The top four countries in the world for smoking prevalence (the percentage of the adult population that smokes) are all in Eastern Europe – Georgia, Russia, Bosnia-Herzegovina and Bulgaria. The top five would have still been exclusively East European in 2013 but data shows that Indonesia just overtook Macedonia in 2012. Generally, there is a pattern of high prevalence across the emerging markets of Eastern Europe and Latin America which suggests that ashtrays and lighters should remain as standard equipment in cars sold in these regions for the foreseeable future.
However, many markets around the world are experiencing large declines in smoking prevalence. In part, this can be attributed to the ‘denormalisation’ of smoking that discourages people from taking up the habit. But equally there are those who successfully quit smoking, which in turn releases significant disposable income for many consumers which could alternatively be used to finance a new car purchase.
Top Ten Countries with the Largest Declines in Smoking Prevalence Between 2003 and 2013
Source: Euromonitor International
The reasons for shrinking smoking prevalence are many, from price hikes to regulation such as public smoking bans. Whatever the reason, the fact remains that the many consumers who
actively quit suddenly have extra income which car makers can compete for.
For example, a smoker in the UK who buys a pack of twenty cigarettes a day spends approximately £200 per month to satisfy their nicotine craving. If that person was to quit smoking, they would be in a position to buy a brand new car with repayment of £199 per month and have change left over. In the case of the UK, smoking prevalence has dropped from 25% in 2003 to 19% in 2013 and even though the population has grown, this means that there are 2.2 million fewer smokers now than a decade ago. (It is of course coincidence, but there’s an interesting symmetry that this is the number of cars that are expected to be sold in the UK in 2013). By 2017, Euromonitor forecasts there will be a further half a million fewer smokers.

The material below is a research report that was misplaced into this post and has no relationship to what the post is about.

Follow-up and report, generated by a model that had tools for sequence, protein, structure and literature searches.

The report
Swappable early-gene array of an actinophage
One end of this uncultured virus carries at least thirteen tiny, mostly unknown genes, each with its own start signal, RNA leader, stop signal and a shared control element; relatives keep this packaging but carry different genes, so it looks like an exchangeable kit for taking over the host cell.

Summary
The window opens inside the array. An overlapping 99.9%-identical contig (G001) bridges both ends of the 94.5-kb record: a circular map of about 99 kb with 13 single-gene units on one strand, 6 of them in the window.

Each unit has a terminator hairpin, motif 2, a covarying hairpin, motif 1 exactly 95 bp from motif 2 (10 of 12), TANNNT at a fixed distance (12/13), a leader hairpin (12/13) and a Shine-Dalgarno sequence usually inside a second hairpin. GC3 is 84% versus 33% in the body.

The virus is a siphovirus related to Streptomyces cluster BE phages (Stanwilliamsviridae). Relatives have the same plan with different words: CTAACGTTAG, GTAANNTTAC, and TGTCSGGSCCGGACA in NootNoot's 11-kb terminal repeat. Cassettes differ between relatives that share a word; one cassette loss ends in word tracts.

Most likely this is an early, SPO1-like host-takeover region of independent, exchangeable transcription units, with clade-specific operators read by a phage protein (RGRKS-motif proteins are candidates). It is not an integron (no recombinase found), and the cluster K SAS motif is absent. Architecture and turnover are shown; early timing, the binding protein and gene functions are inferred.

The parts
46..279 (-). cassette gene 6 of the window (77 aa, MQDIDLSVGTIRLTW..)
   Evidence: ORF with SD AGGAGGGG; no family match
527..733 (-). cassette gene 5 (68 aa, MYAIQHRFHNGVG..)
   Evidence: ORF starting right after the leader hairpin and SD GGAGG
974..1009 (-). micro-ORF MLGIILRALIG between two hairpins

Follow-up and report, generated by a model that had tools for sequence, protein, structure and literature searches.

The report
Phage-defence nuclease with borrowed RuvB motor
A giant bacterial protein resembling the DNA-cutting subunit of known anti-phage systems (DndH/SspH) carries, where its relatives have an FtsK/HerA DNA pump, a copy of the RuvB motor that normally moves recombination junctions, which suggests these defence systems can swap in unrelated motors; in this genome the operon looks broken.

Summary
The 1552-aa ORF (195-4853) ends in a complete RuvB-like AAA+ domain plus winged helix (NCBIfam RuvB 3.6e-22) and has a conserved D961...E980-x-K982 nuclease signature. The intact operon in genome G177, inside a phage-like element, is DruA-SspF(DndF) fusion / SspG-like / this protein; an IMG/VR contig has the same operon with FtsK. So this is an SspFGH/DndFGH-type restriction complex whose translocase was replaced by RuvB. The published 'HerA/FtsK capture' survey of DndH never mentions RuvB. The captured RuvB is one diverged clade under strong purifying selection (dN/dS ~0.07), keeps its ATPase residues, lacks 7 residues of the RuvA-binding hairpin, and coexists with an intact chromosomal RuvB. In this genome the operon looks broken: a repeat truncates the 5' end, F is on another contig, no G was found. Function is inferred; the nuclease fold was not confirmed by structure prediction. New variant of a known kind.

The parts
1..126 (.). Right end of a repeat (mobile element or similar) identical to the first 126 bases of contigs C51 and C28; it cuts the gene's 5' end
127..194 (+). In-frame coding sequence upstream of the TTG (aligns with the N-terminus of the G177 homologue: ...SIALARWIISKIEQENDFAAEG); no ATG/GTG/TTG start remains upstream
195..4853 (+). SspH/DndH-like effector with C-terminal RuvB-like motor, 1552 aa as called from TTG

Given this, the question arises as to whether car companies could be actively encouraging smokers to quit, with a new car as an incentive. It’s not difficult to imagine an advert that shows an old car with ashtrays full to the brim being exchanged for a new one by a proud former smoker. In fact, could car companies even go so far as to offer e-cigarettes for a period of time, such as a year, along with the new vehicle?
Although this would not be an option in all markets because of how e-cigarettes are classified, tobacco companies themselves are now looking to offer electronic cigarettes and so this could connect car and tobacco companies… again. In further symmetry, it’s intriguing that there was once a world famous tie-up between John Player Special and Lotus.
Now, in the 21st century, it’s US electronic cigarette brand Blu sponsoring Indy car racing.